As general counsel for Avvo, Josh King has responded to hundreds of lawsuit threats — all for activity that is soundly protected by the First Amendment. Here, King outlines three areas where he believes companies can take a stand to protect free speech on the Internet.
Founded on an agenda of copyfighting and radical transparency, Pirate parties are making political ground across Europe. Now its possible that the German offshoot could become the third party in the nation’s politics. So what do the pirates really want?
In January, America’s great tech companies joined everyday internet users to break the back of a reviled law called SOPA. Months later, Washington is brewing a new law that alarms many SOPA opponents — but this time the same companies have been quiet as church mice.
Critics say that a bill called CISPA, which has been passed by the House of Representatives and is on its way to the Senate, is just as bad as SOPA — but others, including Facebook, support the legislation. Should you be concerned about it?
The Cyber Intelligence Sharing and Protection Act is a lot like your old college buddy who used to get way too drunk and then puke in your lap: it claims to mean well, but its actions suggest otherwise. Here’s how to improve it.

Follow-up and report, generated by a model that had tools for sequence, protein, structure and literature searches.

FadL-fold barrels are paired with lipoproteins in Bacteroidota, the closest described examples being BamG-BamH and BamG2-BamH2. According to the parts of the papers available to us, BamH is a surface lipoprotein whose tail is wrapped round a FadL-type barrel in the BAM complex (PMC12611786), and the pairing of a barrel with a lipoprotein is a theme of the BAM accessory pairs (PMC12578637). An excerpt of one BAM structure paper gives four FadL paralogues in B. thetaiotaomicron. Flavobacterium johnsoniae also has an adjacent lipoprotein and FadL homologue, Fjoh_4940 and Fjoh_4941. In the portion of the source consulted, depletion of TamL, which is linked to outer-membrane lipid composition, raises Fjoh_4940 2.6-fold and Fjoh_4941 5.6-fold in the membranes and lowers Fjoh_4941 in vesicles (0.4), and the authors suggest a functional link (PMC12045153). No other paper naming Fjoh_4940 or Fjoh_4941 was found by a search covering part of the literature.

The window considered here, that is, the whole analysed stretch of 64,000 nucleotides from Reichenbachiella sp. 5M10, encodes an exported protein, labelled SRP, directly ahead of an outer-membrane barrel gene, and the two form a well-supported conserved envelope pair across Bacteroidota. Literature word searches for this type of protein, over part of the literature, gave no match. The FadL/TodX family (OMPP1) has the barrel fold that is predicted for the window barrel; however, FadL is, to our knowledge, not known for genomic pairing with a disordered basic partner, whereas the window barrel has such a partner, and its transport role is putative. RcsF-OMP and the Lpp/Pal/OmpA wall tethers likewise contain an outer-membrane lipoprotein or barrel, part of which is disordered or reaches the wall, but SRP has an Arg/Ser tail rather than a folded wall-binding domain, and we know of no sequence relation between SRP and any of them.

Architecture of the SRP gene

The U.S. House of Representatives surprised the tech industry Thursday by voting on, and passing, the Cyber Intelligence Sharing and Protection Act (CISPA) after having originally scheduled a vote for Friday. The bill was amended several times prior to the final vote.
The U.S. House of Representatives passed a major cyber-security bill that would change how companies like Facebook can share personal information. Privacy advocates are in uproar and the Obama Administration is threatening a veto. What’s going on?
The latest tech policy debate, over CISPA has put Facebook, a supporter of the law, in the web’s crosshairs. Today it has responded with a PR-friendly argument that illustrates a level of cynicism about how our government works and who holds the power in negotiating legislation.
It’s hard to be a web user, especially since the government has gotten so interested in what we’re doing online. It’s even worse when we can’t figure out who — if anyone — is actually on our side, and what terms we’re willing to live with.
The EFF and Anonymous might have overblown the ramifications of the proposed Cyber Intelligence Sharing and Protection Act of 2011 — calling it SOPA 2.0 — but that doesn’t mean the bill is well-written. However, strong support means it might be hard to stop.